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Mark Milke is a Calgary author and keynote speaker.

In her 2007 book The Forgotten Man, which traced the decline of the U.S. economy in the 1930s, author and syndicated columnist Amity Shlaes noted how that era's economic cratering, signalled but not caused by the 1929 stock crash, was exacerbated by the protectionist Smoot-Hawley Act. Named after its Utah and Oregon sponsors, the bill imposed higher tariffs on 20,000 goods from other countries.

That anti-free-trade law is worth remembering given that in the presidential election just ended, Republican Donald Trump and Democrat Hillary Clinton discussed little policy with the exception of free trade, which they both bashed.

Mr. Trump attacked the 1994 North American free-trade agreement ("the single worst trade deal ever approved"). Ms. Clinton flip-flopped on her earlier support for Trans-Pacific Partnership negotiations. In doing so, both candidates damaged the prospects for open markets, rules-based trade and more prosperity worldwide.

Thus, it's fact-checking time on free trade – including NAFTA, given its status as a political punching bag.

The U.S. Congressional Research Service, which gives non-partisan analysis to members of Congress, analyzed NAFTA in 2015. Its assessment: "In reality, NAFTA did not cause the huge job losses feared by the critics or large economic gains predicted by supporters." The report found the net overall effect of NAFTA on the U.S. economy "appears to have been relatively modest."

The effect was minimal because the U.S. economy was such a large market to begin with. Moreover, as the same report noted, since NAFTA came into effect, U.S. trade with Canada and Mexico "more than tripled," which is of no small benefit to all three countries, including the United States.

Another useful fact: According to Baruti Libre Kafele with the Atlanta-based Foundation for Economic Education, in the past 20 years, in inflation-adjusted terms, U.S. manufacturing output has increased by 40 per cent. Also, the U.S. economy now produces twice as many products as it has in any year dating back to 1984.

In other words, the U.S. economy is more productive. That, along with technological change, helps to explain at least part of the manufacturing job losses pointed to by American critics of more open trade.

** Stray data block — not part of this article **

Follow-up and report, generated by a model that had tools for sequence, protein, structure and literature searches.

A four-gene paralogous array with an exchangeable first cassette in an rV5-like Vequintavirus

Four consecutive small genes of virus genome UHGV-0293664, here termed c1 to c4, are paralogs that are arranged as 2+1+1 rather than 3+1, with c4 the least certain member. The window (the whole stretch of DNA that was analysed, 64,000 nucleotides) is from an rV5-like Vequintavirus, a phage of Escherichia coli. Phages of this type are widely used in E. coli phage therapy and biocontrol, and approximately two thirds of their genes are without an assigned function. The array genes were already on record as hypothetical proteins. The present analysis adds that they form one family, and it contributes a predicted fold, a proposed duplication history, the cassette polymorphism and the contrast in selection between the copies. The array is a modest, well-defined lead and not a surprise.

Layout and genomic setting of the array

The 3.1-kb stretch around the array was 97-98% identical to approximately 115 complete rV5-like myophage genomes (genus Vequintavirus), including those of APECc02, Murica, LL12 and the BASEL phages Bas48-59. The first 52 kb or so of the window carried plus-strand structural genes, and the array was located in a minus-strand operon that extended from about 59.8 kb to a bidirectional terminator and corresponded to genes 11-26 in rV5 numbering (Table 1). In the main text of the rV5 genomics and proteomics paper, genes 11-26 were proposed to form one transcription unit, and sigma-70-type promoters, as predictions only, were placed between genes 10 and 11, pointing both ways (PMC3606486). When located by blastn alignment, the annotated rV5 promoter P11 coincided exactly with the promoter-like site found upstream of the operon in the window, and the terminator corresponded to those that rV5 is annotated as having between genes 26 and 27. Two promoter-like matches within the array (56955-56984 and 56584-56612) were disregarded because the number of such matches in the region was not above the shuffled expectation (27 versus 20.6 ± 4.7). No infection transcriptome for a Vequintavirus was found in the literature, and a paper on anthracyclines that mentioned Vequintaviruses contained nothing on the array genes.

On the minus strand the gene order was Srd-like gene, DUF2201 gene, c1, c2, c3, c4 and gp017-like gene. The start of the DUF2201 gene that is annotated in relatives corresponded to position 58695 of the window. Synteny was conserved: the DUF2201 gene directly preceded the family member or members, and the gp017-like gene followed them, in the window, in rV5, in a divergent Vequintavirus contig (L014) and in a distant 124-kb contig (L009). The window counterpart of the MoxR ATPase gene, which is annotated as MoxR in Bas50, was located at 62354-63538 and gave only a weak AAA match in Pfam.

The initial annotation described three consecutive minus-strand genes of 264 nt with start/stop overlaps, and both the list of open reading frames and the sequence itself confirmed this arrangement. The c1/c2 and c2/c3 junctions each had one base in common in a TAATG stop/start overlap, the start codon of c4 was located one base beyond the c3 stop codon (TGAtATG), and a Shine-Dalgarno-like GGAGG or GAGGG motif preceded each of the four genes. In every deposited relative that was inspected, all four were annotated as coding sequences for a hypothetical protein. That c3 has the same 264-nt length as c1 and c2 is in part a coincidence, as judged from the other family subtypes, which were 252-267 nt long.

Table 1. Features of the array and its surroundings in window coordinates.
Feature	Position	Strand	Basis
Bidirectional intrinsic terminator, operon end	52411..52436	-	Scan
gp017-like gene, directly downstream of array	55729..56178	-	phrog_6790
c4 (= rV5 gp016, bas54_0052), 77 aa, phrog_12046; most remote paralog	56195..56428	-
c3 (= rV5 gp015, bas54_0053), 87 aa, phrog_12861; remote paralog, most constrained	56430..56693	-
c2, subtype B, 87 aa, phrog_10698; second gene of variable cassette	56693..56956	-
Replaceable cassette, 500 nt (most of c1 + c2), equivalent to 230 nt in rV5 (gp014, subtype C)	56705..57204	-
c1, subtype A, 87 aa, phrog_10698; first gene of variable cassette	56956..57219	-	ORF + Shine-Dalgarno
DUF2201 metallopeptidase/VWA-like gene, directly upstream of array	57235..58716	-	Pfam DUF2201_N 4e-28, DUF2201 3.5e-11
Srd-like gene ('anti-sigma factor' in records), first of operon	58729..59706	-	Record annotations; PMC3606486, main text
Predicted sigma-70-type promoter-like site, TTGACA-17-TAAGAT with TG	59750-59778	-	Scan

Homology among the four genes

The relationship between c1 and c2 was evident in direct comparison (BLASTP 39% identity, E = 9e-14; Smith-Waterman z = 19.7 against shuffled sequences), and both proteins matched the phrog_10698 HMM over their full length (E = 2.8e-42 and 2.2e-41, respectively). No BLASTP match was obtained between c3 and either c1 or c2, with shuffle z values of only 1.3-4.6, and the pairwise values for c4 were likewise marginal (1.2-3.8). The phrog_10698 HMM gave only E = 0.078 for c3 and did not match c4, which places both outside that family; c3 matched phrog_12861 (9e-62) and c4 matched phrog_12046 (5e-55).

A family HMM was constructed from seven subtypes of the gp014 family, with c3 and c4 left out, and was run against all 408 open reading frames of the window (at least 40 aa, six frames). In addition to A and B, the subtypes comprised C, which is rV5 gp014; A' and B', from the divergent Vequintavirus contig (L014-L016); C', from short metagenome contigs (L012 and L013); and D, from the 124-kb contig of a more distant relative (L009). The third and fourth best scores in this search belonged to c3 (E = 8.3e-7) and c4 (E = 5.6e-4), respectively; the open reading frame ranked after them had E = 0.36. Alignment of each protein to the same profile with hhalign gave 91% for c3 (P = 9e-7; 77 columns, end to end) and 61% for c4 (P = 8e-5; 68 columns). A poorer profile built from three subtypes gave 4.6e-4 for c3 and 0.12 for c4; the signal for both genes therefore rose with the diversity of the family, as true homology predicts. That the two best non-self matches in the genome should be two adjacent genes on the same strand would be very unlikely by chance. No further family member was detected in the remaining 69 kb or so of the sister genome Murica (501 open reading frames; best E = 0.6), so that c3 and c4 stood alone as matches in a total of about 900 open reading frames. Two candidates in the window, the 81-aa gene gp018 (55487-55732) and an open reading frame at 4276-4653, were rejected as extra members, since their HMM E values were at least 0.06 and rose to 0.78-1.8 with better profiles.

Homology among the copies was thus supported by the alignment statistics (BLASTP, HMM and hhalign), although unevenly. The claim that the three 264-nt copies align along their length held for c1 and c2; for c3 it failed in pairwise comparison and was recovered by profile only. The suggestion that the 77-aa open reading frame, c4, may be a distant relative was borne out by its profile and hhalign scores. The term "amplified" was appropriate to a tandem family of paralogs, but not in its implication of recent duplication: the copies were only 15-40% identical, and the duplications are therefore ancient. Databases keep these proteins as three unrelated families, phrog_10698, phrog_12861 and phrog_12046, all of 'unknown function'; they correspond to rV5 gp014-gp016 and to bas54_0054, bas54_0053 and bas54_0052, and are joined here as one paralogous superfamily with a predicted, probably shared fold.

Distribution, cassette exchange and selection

To be sure, the benefits of worldwide trade liberalization have been uneven: Measuring from 1988, economists Branko Milanovic and Christoph Lakner did find that middle-income earners in Asia reaped significant income gains compared with the American middle class. But that statistic is unsurprising: East Asia was far behind the developed West in the postwar world, so "catching up" was to be expected.

Here's the bigger picture for protectionists: In the past 50 years, as economists Maxim Pinkovskiy and Xavier Sala-i-Martin have found, more than 600 million people worldwide were lifted out of the most extreme form of poverty (those living on a dollar per day or less, adjusted for inflation). This occurred in part because of an increasingly free-trading world, not in spite of that development.

Back to Smoot-Hawley and its would-be modern imitators. In May, 1930, more than 1,000 economists signed a letter urging president Herbert Hoover to veto the legislation, predicting economic disaster if the bill became law. Hoover signed the bill in June, and true to the economists' prediction, it was all downhill after that.

Smoot-Hawley forced consumer prices higher, this in an already-contracting economy. Less money chased more expensive goods, a guaranteed recipe for higher unemployment. The protectionists had their way, with a subsequent savage toll on workers in the United States and worldwide.

One should not wish for a protectionist repeat performance in this century. Modern-day advocates of Smoot-Hawley don't have the facts on their side, the most pertinent of which is that freer trade benefits the poor most of all.

Last year, economists Pablo Fajgelbaum and Amit Khandelwal found that moving from more restricted trade to more open trade benefits all consumers, but some more than others. For example, higher-income consumers around the planet gain 28 per cent in their purchasing power when free trade expands.

Here's the effect of free trade for the bottom 10th of consumers: a 63-per-cent increase in real purchasing power. As the authors note, this is because "poor consumers spend relatively more on sectors that are more traded, while high-income individuals consume relatively more services, which are among the least traded."

As the authors write, and in support of free trade: There can be and is a "pro-poor bias of trade in every country."